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The Recovery Expert
with Sharie Stines, Psy.D.

When You’re the Wife of a Narcissist

Here’s what to expect when you marry a narcissist:

You will lose your self-esteem. When you marry a narcissist, you will not realize that he wants to destroy you from the inside out by acting like a normal human being at first, interspersed with random acts of meanness or manipulative-ness, and then over time, changing into a person who doesn’t see you as valuable at all – other than for what you can do for him, of course.

Overtime, he will begin to pout and feel sorry for himself.  Why is he pouting and feeling sorry for himself?  Because he is married to you.  He envies his friends who have “good” wives. He feels sorry for himself because you are so flawed and disappointing. You may be too fat or too skinny. You may nag too much or be too controlling. Your cooking may “suck” or your housecleaning isn’t up to par.

In fact, he hates being married to you – and you know it.  You are crushed. You did not get married to be a terrible spouse. You married your husband because you loved him and wanted to please him. But you never please him. At least not anymore. Now you are only a burden and a hindrance to his important agenda.

So, you try to improve. You go on a diet; join the gym; clean the house more thoroughly; try to complain less. But, nothing seems to work. You just can’t quite get to that place where other wives reside. Other wives seem to know how to be good wives and you simply stink at it. Your husband continues to be unhappy.

You finally give up trying to improve.

You focus on other things because focusing on your role as a wife became too depressing. You spend more time with your children. You hone your parenting skills and compensate for the disconnection in your marriage by connecting more with your children.

You realize that your children are somehow being hurt by the other parent as well, but you aren’t quite sure how.

After all, he isn’t beating them. He works, even supports them financially; goes to their sporting events; and comes home every night. But he seems disappointed in family life. He’s in the same room as you and the kids, but he seems a million miles away. The connection between the children and their father seems detached, distant, and cold.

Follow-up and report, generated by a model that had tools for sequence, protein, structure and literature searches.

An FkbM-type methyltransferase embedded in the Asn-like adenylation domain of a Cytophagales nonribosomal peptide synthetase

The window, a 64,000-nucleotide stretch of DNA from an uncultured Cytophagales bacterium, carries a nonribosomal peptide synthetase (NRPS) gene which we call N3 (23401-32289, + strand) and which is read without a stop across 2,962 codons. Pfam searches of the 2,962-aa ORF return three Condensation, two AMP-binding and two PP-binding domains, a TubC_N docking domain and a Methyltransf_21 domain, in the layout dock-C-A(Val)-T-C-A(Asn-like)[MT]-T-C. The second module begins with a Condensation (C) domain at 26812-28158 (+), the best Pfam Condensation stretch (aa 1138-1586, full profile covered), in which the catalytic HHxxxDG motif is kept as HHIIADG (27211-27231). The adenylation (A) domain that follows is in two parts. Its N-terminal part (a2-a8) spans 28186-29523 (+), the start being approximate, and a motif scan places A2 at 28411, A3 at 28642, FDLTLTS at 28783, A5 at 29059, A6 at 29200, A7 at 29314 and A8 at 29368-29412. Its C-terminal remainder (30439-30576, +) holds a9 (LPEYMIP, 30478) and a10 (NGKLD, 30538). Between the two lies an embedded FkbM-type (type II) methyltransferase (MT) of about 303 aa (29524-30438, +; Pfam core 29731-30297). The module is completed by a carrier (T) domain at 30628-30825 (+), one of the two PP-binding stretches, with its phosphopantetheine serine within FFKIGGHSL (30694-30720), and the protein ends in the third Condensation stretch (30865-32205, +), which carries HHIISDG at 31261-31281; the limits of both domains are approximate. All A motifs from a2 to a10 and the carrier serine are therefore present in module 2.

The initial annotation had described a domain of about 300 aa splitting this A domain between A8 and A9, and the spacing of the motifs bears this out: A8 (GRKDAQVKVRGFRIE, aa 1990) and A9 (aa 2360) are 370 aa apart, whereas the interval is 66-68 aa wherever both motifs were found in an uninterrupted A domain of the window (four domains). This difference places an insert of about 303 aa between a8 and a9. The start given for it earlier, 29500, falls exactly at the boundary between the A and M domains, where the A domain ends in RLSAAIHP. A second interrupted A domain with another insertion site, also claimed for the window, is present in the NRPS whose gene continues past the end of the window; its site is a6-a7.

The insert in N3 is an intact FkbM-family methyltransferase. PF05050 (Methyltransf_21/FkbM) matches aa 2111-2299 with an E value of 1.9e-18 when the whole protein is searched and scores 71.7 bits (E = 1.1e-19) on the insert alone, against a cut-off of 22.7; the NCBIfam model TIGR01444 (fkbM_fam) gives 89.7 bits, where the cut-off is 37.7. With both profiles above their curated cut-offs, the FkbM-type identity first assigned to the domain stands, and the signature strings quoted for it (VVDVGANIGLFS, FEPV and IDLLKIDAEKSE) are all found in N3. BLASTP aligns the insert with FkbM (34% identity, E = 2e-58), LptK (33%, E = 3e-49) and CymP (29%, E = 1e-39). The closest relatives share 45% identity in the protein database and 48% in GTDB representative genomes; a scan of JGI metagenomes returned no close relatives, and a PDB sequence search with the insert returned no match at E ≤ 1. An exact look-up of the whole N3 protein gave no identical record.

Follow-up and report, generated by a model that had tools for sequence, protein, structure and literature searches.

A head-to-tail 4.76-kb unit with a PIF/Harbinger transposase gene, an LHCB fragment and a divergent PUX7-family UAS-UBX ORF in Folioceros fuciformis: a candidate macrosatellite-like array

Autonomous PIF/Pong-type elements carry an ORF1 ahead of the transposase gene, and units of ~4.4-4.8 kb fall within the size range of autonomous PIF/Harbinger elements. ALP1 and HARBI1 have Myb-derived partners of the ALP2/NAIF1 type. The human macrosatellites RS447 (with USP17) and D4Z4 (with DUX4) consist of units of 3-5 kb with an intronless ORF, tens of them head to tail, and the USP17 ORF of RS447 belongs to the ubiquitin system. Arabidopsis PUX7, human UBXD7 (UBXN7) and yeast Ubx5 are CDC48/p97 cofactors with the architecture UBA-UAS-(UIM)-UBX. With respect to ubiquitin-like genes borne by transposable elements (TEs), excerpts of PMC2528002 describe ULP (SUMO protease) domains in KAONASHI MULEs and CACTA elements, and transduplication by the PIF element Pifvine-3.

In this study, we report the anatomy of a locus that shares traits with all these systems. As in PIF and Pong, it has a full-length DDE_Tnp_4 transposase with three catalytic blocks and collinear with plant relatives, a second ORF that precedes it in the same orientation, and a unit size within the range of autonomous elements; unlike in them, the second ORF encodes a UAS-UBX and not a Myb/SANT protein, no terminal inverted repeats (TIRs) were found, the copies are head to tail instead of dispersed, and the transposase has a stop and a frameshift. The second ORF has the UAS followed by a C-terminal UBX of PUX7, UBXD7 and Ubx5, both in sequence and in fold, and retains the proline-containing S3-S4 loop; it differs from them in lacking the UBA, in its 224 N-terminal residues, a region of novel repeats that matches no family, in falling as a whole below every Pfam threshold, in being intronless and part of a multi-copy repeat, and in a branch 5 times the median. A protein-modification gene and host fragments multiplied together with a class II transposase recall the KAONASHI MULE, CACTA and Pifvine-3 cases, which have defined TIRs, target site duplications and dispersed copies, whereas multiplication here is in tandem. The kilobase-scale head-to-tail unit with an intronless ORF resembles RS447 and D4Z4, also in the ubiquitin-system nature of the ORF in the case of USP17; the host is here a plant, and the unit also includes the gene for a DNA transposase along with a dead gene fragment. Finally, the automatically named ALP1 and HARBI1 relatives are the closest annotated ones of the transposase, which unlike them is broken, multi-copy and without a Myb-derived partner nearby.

You start to worry about the well-being of your children and yourself, but you push your thoughts away, reminding yourself that everyone has problems.

You feel very lonely and start to realize you are more like an object in your husband’s life, rather than a valuable partner.

Your husband doesn’t make decisions with you. He is very independent and does what he wants to do. If you challenge him there will be hell to pay, so often times you learn not to challenge him.  It’s not worth it.

You lose your voice. You have learned that when you challenge a narcissist things will not go well for anyone. The children will be traumatized, and it’s just easier to bite your tongue and try to address any issues later.

That’s a challenge in and of itself. Issues are never resolved when you’re married to a narcissist. Problems happen, and they get pushed under the rug. In order to solve a marriage problem you have to work on it yourself. You will read the marriage book alone. You will forgive one-sided. You will deal with any household problems alone. You will deal with the children’s problems without his help. All problems become yours to solve.

You become very resourceful.

Even though you are superwoman and solve all problems, you will not be appreciated for your efforts. In fact, you will be criticized and demeaned.

You will never be respected.

If you’re a fighter you will not respect him either. Either way your home has an attitude of disrespect in it.

And then, when all is said and done, your children will grow up, maybe move out, and will ultimately practice what they’ve been taught. They, too, will undervalue you and disrespect you as well.

After all, they’ve been taught the importance of having a scapegoat. They’ve learned to blame others (particularly you), walk on eggshells, overlook their own feelings and thoughts, and focus only on the narcissist’s wants and desires.

When your children finally have their own children, they may end up marrying a narcissist or becoming one. If your child ends up becoming a narcissist he will do so because he will finally have the opportunity to be the king of his own castle, finally! He will now have the opportunity to be the sun, while his children and spouse are all the planets orbiting around his universe, and so the cycle continues…



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When You’re the Wife of a Narcissist

Sharie Stines, Psy.D

Sharie Stines, Psy.D. is a recovery expert specializing in personality disorders, complex trauma and helping people overcome damage caused to their lives by addictions, abuse, trauma and dysfunctional relationships. Sharie is a counselor at LIfeline Counseling & Education Inc., in Southern California ( Lifeline Counseling is a non-profit organization 501(c)(3) corporation. Sharie is also an abusive relationship recovery coach -


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APA Reference
Stines, S. (2017). When You’re the Wife of a Narcissist. Psych Central. Retrieved on July 15, 2020, from